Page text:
With a package that would likely have Yunel Escobar as the centerpiece, the Braves feel they are offering the Padres more than the Cubs or any other team has offered. Still, if Peavy continues to have reservations about joining the Braves and doesn't convince Padres general manager Kevin Towers that he wants to be traded to Atlanta, Braves GM Frank Wren will still be committed to acquiring two top-flight starters.

Whether or not they acquire Peavy, the Braves will continue their pursuit of Derek Lowe, A.J. Burnett and Ryan Dempster. Of course, with Peavy in place, Atlanta would be a much more attractive destination for Lowe, Burnett, Dempster or any other free agent.

Plan A and Plan B are essentially the same, in the sense that the Braves want to do whatever possible to add two of the best available starters to their rotation. They have the financial resources to acquire two of the top available free agent starting pitchers. But with the limited number of attractive options, that would certainly be a tough task.

The Braves want to re-sign Mike Hampton. But doing that wouldn't alter their plan to put two more dependable starters at the front of the rotation. Pitching was the key to their run of 14 consecutive division titles, and as they continue their rebuilding phase, the central focus remains reloading their rotation with top-caliber arms, and they undoubtedly hope one of those is Peavy's.

If the Braves end up trading Escobar in the Peavy deal, who do you think they will put at shortstop next year?

-- Bryan C., Newnan, Ga.

If there is one position where the Braves don't have enviable depth in the Minor League system, it's at shortstop. If they were to deal Escobar, they would look outside of their organization for a replacement.

Braves fans are very familiar with both Rafael Furcal and Edgar Renteria, and both are available on the free-agent market. Furcal's current price tag might be too steep when you consider he missed most of this past season with a back injury that could continue to cause problems.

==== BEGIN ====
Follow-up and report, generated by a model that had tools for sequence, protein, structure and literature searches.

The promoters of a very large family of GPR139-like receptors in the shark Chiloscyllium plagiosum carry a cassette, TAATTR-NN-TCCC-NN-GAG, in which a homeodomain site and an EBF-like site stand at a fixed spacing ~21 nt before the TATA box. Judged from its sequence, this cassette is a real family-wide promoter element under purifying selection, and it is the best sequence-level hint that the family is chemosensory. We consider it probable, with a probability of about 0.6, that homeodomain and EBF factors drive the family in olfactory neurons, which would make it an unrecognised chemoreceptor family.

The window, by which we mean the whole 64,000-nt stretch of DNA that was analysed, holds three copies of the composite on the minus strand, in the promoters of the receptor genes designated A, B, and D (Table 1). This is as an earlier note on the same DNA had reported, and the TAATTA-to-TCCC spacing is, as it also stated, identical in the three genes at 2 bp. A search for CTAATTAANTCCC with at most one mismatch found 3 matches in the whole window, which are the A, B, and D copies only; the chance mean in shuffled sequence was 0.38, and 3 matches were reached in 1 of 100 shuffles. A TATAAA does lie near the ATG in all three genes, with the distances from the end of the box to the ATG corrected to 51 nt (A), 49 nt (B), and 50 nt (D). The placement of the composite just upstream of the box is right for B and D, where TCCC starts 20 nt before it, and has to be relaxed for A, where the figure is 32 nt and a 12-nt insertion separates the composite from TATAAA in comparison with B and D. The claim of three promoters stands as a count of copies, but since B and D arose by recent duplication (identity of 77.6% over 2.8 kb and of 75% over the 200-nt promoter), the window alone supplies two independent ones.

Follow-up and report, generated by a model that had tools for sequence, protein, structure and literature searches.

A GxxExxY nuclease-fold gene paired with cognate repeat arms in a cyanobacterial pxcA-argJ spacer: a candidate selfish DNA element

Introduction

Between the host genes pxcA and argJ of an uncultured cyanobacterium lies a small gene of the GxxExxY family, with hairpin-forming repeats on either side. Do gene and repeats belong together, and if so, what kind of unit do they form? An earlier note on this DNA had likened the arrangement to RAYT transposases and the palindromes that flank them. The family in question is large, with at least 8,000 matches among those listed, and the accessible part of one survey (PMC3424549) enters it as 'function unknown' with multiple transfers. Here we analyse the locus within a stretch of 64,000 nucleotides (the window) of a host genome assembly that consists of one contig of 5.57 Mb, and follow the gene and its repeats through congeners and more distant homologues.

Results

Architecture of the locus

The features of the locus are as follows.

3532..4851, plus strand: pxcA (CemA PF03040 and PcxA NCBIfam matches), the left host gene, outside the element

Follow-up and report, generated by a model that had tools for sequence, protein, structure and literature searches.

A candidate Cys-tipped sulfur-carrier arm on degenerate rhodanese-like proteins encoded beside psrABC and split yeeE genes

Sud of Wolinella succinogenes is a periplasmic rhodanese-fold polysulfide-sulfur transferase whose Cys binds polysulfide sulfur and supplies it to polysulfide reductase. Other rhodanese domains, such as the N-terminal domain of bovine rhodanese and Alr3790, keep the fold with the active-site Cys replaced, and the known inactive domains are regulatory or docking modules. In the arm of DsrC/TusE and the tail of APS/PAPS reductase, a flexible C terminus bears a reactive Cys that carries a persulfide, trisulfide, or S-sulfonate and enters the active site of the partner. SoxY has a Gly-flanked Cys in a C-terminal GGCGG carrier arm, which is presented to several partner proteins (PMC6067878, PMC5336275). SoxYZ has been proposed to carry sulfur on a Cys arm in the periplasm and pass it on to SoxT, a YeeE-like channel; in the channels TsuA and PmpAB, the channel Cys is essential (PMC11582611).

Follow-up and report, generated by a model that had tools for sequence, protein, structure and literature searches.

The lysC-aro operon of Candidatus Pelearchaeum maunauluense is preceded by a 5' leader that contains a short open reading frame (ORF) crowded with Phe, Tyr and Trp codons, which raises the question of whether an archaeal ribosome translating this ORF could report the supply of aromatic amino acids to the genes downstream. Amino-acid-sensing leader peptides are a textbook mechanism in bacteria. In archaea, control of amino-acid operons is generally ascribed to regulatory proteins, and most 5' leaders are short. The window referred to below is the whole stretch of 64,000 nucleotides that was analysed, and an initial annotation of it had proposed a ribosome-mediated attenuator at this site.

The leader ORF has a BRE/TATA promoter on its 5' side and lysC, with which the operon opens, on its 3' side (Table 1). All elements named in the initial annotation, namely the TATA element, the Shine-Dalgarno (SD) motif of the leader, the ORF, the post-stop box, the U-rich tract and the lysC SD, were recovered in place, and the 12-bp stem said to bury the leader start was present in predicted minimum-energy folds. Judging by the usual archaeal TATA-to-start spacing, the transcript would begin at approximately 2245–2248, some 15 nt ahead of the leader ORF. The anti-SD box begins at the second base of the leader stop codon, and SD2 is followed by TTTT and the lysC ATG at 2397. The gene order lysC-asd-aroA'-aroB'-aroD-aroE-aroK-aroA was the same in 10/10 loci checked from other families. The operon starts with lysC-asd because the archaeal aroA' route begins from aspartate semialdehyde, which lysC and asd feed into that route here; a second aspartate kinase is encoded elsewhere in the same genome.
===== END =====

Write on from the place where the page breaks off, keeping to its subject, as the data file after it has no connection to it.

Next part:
As for Renteria, he's battled a sore back over the past few years, and the Tigers quickly learned this past summer that his range is steadily decreasing. Still, he was a reliable defender during his days in Atlanta, and it might be worth taking a gamble on him with the belief that he simply can't play for teams in cold American League climates.

If the Braves aren't able to find a shortstop on the free-agent market, which also includes Orlando Cabrera, they will look at trade options. Jack Wilson, Maicer Izturis and Julio Lugo could be available.

Is there any chance that the Braves might target Zack Greinke in a trade with the Royals? He seems like someone who would fit into the front or middle of the rotation pretty well without spending much money.

-- Alex E., Kennesaw, Ga.

This past week, there were some unfounded rumors that the Braves were shopping Jeff Francoeur. The resulting speculation was that Royals GM Dayton Moore might be interested.

Moore undoubtedly has great respect for Francoeur, and the Braves are among the many teams that would love to have Greinke in their starting rotation.

But I don't think Moore is ready to trade Greinke, and he'd likely need more than just Francoeur to be persuaded to deal his young ace to Atlanta.

What does Chipper Jones have to do to win a Gold Glove? He keeps losing to David Wright, who hasn't been as good as Chipper defensively. Is playing in New York the only requirement?

-- Helen C., Northfield, Vt.

There doesn't seem to be much research done when some managers and coaches vote for the Gold Glove winners. Every year, you can look at the list of winners and be surprised with at least one selection. Last year, it was certainly surprising to see Wright selected ahead of many better candidates, including Jones, who had a much better fielding percentage (.971) than the Mets' third baseman (.954).

This year, Wright had a better fielding percentage (.962) than Jones (.958). But he committed 16 errors, seven more than the Cardinals' Troy Glaus, who led all NL third basemen with a .982 fielding percentage.

My opinion on Gold Gloves is that you are going to continue to be baffled by some winners if you try to honestly determine why they were selected.

Which of the prospects that Wren considers "untouchable" are most likely to be in Atlanta at some point next year?

-- Will P., Dell City, Ind.

Wren has never revealed exactly who is part of the group of prospects that he won't trade under any circumstances. It is assumed that Tommy Hanson and Jason Heyward are definitely part of that group. Freddie Freeman and Julio Teheran might also be included.

Hanson and Jordan Schafer seem to be the prospects with the best chances of being in Atlanta next year. Then over the next couple of seasons, you're going to see a regular wave of young talent that has Wren excited about his club's future.

Mark Bowman is a reporter for MLB.com. This story was not subject to the approval of Major League Baseball or its clubs.